Suzuki recalls 2013 Hayabusas for ABS problem

Publish Date: 
Jul 29, 2013

WASHINGTON, D.C. - Suzuki is recallng more than 2,500 Hayabusas to fix a manufacturing problem with the vehicle's ABS system, NHTSA reported. This follows similar ABS recall notices from Triumph, Honda and Kawasaki (see below).

ABS-RELATED RECALLS are affecting several vehicle manufacturers. The common thread: each recalled motorcycle features the latest compact anti-lock brake system modulator from Nissin in Japan. The recalled bikes from Honda, Kawasaki, Suzuki and Triumph use the new ABS unit, claimed to be the smallest and lightest on the market. 

A manufacturing defect during the assembly phase of the Nissin Hydraulic Control Unit can cause a loose chip of aluminum to remain inside the ABS unit. Normal braking function is unaffected; however, the loose metal chip may prevent the HCU check valve from operating properly -- which in turn could prevent normal ABS function during a skid. If a rider expects the ABS to function normally and instead locks one or both wheels, the risk of a crash increases.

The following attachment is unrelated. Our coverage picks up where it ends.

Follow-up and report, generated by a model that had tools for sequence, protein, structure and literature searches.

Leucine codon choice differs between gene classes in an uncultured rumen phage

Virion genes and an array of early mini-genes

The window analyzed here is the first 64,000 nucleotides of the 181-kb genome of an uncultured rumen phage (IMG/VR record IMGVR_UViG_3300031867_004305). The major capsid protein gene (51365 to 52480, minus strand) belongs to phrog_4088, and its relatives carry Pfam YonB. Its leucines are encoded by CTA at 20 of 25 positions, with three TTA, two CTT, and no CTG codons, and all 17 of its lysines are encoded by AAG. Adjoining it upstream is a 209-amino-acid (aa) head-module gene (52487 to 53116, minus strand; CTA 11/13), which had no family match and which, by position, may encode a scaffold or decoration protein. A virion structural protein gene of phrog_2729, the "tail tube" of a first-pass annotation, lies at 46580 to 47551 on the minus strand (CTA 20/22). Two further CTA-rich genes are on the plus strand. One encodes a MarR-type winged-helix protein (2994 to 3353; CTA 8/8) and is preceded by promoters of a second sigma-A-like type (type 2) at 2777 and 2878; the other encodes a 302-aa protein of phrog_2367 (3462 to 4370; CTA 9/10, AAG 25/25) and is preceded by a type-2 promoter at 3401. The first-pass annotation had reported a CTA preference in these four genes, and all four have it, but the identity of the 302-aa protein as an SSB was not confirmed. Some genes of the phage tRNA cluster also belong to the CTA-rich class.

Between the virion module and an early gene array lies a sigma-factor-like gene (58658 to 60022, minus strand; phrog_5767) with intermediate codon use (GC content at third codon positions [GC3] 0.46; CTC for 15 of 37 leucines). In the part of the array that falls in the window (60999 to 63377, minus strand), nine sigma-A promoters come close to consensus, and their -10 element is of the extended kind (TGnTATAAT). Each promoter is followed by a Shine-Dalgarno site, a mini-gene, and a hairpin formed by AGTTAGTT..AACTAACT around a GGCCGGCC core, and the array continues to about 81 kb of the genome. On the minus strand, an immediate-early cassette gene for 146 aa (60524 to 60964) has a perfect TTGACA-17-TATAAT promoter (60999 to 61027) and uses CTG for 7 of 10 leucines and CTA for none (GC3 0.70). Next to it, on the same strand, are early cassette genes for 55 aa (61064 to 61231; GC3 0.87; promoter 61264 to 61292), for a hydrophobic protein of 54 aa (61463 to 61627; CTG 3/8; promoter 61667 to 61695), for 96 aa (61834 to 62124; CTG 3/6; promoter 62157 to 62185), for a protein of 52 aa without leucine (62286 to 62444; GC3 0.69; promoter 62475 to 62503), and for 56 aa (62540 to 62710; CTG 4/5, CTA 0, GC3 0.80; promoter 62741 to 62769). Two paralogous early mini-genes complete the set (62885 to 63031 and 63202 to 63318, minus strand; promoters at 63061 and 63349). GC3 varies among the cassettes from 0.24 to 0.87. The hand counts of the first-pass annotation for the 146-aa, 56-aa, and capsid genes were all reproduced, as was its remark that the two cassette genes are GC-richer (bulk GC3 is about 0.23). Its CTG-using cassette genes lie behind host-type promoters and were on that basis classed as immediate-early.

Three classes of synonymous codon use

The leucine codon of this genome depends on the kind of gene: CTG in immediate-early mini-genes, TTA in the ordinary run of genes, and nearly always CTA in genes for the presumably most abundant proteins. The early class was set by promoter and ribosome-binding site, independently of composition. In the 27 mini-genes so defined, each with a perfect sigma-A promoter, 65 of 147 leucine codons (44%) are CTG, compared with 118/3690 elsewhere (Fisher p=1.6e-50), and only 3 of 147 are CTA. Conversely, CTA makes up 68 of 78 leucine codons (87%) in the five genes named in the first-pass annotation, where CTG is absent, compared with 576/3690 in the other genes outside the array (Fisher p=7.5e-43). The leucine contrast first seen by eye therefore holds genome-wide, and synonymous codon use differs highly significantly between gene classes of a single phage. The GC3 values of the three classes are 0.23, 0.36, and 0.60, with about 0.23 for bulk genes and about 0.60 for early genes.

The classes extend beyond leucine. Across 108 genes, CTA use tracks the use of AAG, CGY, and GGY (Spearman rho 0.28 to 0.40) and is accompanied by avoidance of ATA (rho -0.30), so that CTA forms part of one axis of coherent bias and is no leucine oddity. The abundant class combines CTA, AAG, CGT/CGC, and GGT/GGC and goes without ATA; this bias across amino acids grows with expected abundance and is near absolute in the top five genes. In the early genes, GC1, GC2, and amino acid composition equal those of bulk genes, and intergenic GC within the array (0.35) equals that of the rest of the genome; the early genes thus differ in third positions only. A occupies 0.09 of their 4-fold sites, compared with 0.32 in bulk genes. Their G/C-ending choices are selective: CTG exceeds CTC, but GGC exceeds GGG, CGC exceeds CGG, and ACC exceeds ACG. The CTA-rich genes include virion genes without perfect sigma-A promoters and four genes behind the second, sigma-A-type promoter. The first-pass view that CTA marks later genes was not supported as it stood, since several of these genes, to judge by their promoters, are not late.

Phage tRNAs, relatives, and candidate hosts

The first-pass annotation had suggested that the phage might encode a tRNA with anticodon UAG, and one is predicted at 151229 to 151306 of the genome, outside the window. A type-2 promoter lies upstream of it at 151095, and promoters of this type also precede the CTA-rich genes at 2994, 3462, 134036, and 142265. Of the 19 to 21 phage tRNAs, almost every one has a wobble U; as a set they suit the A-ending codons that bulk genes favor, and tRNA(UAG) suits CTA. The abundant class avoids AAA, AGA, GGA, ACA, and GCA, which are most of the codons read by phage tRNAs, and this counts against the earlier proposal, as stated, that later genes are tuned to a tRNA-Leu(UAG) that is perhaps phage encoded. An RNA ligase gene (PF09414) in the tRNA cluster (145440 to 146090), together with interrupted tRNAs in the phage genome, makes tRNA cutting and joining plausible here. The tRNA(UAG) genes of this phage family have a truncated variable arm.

Suzuki, for one, has announced a stop sale and is recalling the 2013 Hayabusa to replace the ABS hydraulic control module. "Dealers will be able to order the necessary parts to perform this recall campaign beginning approximately the first week in August," said Derek Schoeberle, product media relations manager at Suzuki Motor America.
-- Bruce Steever


The anti-lock brake system may malfunction, allowing for the wheel to lock up and skid on certain model-year 2013 GSX1300RA Hayabusas made from Jan. 22 through April 26. Roughly 2,561 units are affected, Suzuki told NHTSA.

Vehicles need to be inspected to determine if their ABS units were contaminated with an aluminum chip during the manufacturing process. The manufacturer of the ABS system is Nissin Kogyo of Japan. Nissin notified Suzuki of the potential problem in May, after which Suzuki of Japan conducted its own investigation.

"At the time of production of the ABS unit b the supplier, the brake fluid inlet check valve may have been misaligned when it was pressed into the ABS body, causing a piece of aluminum to be chipped off and remain in the ABS body," Kenneth M. Bush, department manager-government relations for Suzuki reported to NHTSA. "If the aluminum chip gets lodged between the inlet or outlet check ball and the check ball sealing surface during braking, the ABS function will not perform properly and tire skid could occur."

There have been no reports of ABS failure in the United States so far, Suzuki stated.

Dealers are asked to inspect units and replace the ABS if necessary. Suzuki expects to start notifying owners during the week of Aug. 5, the OEM reported.


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